Publication Abstract Display
Type: Published Manuscript
Title: Cellular localization of Human Immunodeficiency Virus infection within the brains of acquired immune deficiency syndrome patients.
Authors: Wiley CA, Schrier RD, Nelson JA, Lampert PW, Oldstone MB
Year: 1986
Publication: Proceedings of the National Academy of Sciences of the United States of America
Volume: 83 Issue: 18 Pages: 7089-93
Abstract:Dysfunction of the central nervous system (CNS) is a prominent feature of the acquired immune deficiency syndrome (AIDS). Many of these patients have a subacute encephalitis consistent with a viral infection of the CNS. We studied the brains of 12 AIDS patients using in situ hybridization to identify human immunodeficiency virus [HIV, referred to by others as human T-cell lymphotropic virus type III(HTLV-III), lymphadenopathy-associated virus (LAV), AIDS-associated retrovirus (ARV)] nucleic acid sequences and immunocytochemistry to identify viral and cellular proteins. Nine patients had significant HIV infection in the CNS. In all examined brains, the white matter was more severely involved than the grey matter. In most cases the infection was restricted to capillary endothelial cells, mononuclear inflammatory cells, and giant cells. In a single case with severe CNS involvement, a low-level infection was seen in some astrocytes and neurons. These results suggest that CNS dysfunction is due to indirect effects rather than neuronal or glial infection.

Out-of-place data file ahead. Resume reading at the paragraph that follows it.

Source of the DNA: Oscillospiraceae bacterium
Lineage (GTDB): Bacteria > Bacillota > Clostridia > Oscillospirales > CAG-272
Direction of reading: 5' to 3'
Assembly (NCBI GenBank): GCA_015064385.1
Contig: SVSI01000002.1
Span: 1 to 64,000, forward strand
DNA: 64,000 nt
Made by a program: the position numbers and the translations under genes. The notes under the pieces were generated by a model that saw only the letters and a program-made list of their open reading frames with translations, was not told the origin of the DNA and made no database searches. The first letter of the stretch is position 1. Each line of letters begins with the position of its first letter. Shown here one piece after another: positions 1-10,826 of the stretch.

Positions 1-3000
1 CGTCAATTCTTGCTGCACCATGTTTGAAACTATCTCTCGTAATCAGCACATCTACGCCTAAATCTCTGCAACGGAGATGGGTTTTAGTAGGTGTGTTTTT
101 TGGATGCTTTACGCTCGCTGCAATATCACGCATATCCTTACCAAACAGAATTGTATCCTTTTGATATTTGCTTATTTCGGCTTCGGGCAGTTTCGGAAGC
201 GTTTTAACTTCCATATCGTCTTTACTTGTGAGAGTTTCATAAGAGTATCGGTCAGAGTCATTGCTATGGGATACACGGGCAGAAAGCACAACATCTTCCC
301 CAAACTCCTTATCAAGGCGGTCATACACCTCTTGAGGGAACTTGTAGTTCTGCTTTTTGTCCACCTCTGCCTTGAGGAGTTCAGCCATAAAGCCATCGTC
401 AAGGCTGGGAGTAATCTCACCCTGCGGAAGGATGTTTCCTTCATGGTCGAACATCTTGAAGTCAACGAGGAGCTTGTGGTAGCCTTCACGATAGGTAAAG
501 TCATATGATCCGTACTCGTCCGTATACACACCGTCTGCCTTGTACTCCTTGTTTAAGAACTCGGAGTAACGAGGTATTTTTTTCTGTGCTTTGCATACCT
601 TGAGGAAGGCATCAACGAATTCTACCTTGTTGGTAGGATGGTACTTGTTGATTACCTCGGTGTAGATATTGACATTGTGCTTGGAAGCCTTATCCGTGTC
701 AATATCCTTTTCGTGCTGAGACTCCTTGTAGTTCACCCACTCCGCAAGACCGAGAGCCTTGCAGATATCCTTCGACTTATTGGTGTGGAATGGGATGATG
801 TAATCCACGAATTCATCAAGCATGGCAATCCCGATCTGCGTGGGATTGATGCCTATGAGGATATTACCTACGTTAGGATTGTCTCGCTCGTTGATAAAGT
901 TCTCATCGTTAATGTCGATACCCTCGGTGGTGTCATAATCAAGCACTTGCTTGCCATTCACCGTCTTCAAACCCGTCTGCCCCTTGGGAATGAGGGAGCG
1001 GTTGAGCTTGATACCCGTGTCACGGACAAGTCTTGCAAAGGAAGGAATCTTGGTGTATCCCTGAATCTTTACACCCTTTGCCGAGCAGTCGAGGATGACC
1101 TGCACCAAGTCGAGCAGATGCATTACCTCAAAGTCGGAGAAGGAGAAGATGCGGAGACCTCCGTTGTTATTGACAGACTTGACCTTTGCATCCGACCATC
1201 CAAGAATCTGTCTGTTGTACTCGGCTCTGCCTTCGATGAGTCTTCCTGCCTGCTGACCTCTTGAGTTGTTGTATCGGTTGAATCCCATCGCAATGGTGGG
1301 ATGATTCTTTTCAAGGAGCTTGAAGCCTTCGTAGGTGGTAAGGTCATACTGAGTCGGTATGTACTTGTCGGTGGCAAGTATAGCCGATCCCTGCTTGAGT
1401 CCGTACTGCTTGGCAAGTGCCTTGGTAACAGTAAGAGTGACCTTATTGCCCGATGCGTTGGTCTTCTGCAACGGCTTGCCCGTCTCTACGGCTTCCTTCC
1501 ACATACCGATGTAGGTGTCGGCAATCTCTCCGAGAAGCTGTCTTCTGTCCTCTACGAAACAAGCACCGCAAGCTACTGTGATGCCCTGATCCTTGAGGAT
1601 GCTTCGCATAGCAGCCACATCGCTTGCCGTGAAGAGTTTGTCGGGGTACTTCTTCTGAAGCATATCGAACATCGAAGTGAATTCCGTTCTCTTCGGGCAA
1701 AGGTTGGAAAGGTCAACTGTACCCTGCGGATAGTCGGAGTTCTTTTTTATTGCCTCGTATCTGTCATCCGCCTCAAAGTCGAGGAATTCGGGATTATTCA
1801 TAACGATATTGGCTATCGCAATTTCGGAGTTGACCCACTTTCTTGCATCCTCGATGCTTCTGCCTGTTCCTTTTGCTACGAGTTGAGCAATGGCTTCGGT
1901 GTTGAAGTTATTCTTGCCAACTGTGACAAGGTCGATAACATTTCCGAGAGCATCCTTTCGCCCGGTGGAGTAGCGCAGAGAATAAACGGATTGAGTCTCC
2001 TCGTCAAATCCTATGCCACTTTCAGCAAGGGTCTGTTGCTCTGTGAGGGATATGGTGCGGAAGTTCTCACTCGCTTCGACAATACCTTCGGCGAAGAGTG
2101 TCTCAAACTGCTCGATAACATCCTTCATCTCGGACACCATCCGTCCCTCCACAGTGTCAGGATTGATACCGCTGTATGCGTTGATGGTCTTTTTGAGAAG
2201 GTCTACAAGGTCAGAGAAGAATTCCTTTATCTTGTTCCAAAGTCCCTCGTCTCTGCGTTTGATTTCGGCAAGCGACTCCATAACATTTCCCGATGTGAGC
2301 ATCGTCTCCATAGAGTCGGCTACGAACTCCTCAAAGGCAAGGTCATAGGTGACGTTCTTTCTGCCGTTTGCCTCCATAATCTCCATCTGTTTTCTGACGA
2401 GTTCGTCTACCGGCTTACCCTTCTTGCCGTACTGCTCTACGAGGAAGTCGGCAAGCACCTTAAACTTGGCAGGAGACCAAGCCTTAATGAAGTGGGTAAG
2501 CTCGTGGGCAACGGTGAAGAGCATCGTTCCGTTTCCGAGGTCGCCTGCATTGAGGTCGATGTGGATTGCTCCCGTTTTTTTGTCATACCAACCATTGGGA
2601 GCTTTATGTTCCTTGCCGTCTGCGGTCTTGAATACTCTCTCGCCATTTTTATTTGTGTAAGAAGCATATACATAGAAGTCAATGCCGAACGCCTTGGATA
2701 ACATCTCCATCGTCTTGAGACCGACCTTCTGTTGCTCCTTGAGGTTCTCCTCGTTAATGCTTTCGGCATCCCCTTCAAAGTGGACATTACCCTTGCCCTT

Funding: NIAID:AI AI-21640, NINDS:NS NS-00928, NINDS:NS NS-12428
Keywords: Acquired Immunodeficiency Syndrome, Adult, Antigens, Viral, Brain, Deltaretrovirus, Female, HIV Antigens, Humans, Macrophages, Male, Middle Aged, Nucleic Acid Hybridization, Research Support, Non-U.S. Gov't, Research Support, U.S. Gov't, P.H.S.

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